Survivor Success Story: Mezgebu
Abiyu Tesfaye

by Bekele Gonfa [ YYGM ]

Mezgebu Abiyu Tesfaye, an Ethiopian landmine survivor, was born in the East Gojjam zone, Amhara region, in 1967. Raised in a farming family, Mezgebu left school after the eighth grade to help his parents care for their cattle and do daily chores.

Mezgebu TesfayeMezgebu Tesfaye (far left).
Photo courtesy of Bekele Gonfa.

In 1989, the army recruited him as a trainee soldier. In June 1990, his leg was injured in Eritrea by a simultaneous landmine explosion and machine-gun bullet. Mezgebu’s left leg was amputated. Shrapnel wounds also injured his right eye. The machine-gun bullet wound on his residual leg left the area too weak for Mezgebu to use a prosthetic. Instead, he uses crutches because they allow him to move with greater flexibility and speed. His recovery and release from the hospital took nearly one year.

After leaving the hospital, Mezgebu moved back with his parents in East Gojjam. However, his parents were ashamed of his recently acquired disability. Believing that he could no longer be a useful and productive citizen, Mezgebu’s father said that it would have been better if his son had died in the accident rather than losing a limb.

Leaving the family home, Mezgebu moved to the capital, Addis Ababa, renting a room in Piaza for 5 birr (US$0.26 as of 24 September 2013) per day. Eventually, he found a job as a hotel security guard for 30 birr (US$1.59) per month. Although the hotel provided his meals, Mezgebu made far less than the guards without disabilities who earned 75–80 birr (US$3.97–$4.23) per month, despite having the same responsibilities.

While working at the hotel and listening to the radio, Mezgebu heard about an amputee named Roba who traveled as a peace-walker. Inspired by the idea, Mezgebu decided to learn more about Roba and conduct his own peace walk with his friend and fellow amputee, Mogas. Mogas served in the army with Mezgebu and was also injured by a landmine. With support from individuals and the Addis Ababa municipality, the two men traveled from Addis Ababa to Moyale, a distance of more than 700 km (434.96 mi). On their second journey they walked from Addis Ababa to Asmara, a distance of more than 1,000 km (621.37 mi). Mezgebu and Mogas traveled together for three-and-a-half months.

Their motto was “Let’s end war, stop killing peaceful people and ruining property.” They traveled to Yemen and Kenya, cutting their journey short in Kenya at Tika because of an Ebola epidemic in the region. Mogas became ill and traveled with Mezgebu back to Ethiopia, where he passed away a few days later. After the death of Mogas, Mezgebu ended his peace-walk campaign. Mezgebu then worked a number of odd jobs before Children’s Hope International, an international adoption agency, hired him.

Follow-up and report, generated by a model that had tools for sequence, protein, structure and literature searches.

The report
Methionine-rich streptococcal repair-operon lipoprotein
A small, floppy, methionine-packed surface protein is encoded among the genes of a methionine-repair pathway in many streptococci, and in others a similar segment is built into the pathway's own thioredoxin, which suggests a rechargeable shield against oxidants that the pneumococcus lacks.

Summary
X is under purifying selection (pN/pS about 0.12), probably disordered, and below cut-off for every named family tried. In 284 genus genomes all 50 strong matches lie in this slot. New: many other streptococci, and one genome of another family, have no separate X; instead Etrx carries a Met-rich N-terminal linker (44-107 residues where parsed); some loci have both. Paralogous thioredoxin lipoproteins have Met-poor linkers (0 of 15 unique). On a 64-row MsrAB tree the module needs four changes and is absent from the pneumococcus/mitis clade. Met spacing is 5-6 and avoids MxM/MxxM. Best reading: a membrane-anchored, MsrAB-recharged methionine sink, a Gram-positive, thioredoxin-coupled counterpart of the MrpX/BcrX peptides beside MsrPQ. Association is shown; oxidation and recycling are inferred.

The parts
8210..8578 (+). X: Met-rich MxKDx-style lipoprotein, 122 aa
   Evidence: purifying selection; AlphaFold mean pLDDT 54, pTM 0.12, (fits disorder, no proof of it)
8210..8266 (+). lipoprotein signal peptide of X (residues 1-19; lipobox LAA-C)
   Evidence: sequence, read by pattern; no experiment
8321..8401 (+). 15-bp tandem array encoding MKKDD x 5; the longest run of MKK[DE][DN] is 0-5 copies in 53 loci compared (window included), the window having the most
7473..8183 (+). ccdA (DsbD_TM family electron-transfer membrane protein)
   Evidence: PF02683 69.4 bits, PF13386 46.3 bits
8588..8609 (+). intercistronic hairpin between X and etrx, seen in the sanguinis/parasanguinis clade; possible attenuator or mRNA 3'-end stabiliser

In 2004, Mezgebu co-founded Yitawekilin Yeakal Gudatagnoch Mehiber (YYGM), a local disability association where he is serving as manager.1 The former nonprofit Survivor Corps established YYGM as a social-support group, and Mezgebu was chairman of the organization at that time. YYGM members are survivors, persons with disabilities and affected families.

The International Campaign to Ban Landmines and the Cluster Munition Coalition provided grant funding to YYGM for its Survivor Network Project for 2012–2013, a program to increase awareness and YYGM’s capacity. Through awareness-raising activities, members of YYGM learn about disability development at the national and global level. YYGM trained 44 of its members for job-related tasks including raising poultry, tailoring, television and radio maintenance, sheep rearing, and food processing. Most of those trained are currently self-supportive. In addition, YYGM conducts peer support activities that are fundamental to trauma recovery. Staff also receives training. YYGM has developed a very good partnership with many other organizations.

Mezgebu says that he became a stronger and better person because of the lessons he learned from Roba and Survivor Corps. Mezgebu says he gained additional strength from the awareness and advocacy training that Survivor Corps gave him. He believes his disability gave him the strength not only to survive but to become a better citizen. Mezgebu hopes to encourage and support other survivors by sharing his experiences.



Pierre LacroixBekele Gonfa serves as vice chairperson for the Ethiopian Center for Disability and is a board member for Cheshire Service Ethiopia. He serves as a technical advisor for Yitawekilin Yeakal Gudatagnoch Mehiber (YYGM). He actively campaigns for International Campaign to Ban Landmines, Cluster Munitions Coalition and the International Campaign to Abolish Nuclear Weapons. He also works as a researcher for the Landmine and Cluster Munition Monitor.

Contact Information

Bekele Gonfa Oba
Technical Advisor
P.O. Box 31439
Addis Ababa / Ethiopia
Tel: + 251 115 517760, +251 911 179663
Skype: obabekele



  1. Yitawekilin Yeakal Gudatagnoch Mehiber translates to “Recognize that we, persons with disabilities, can do what others can do.”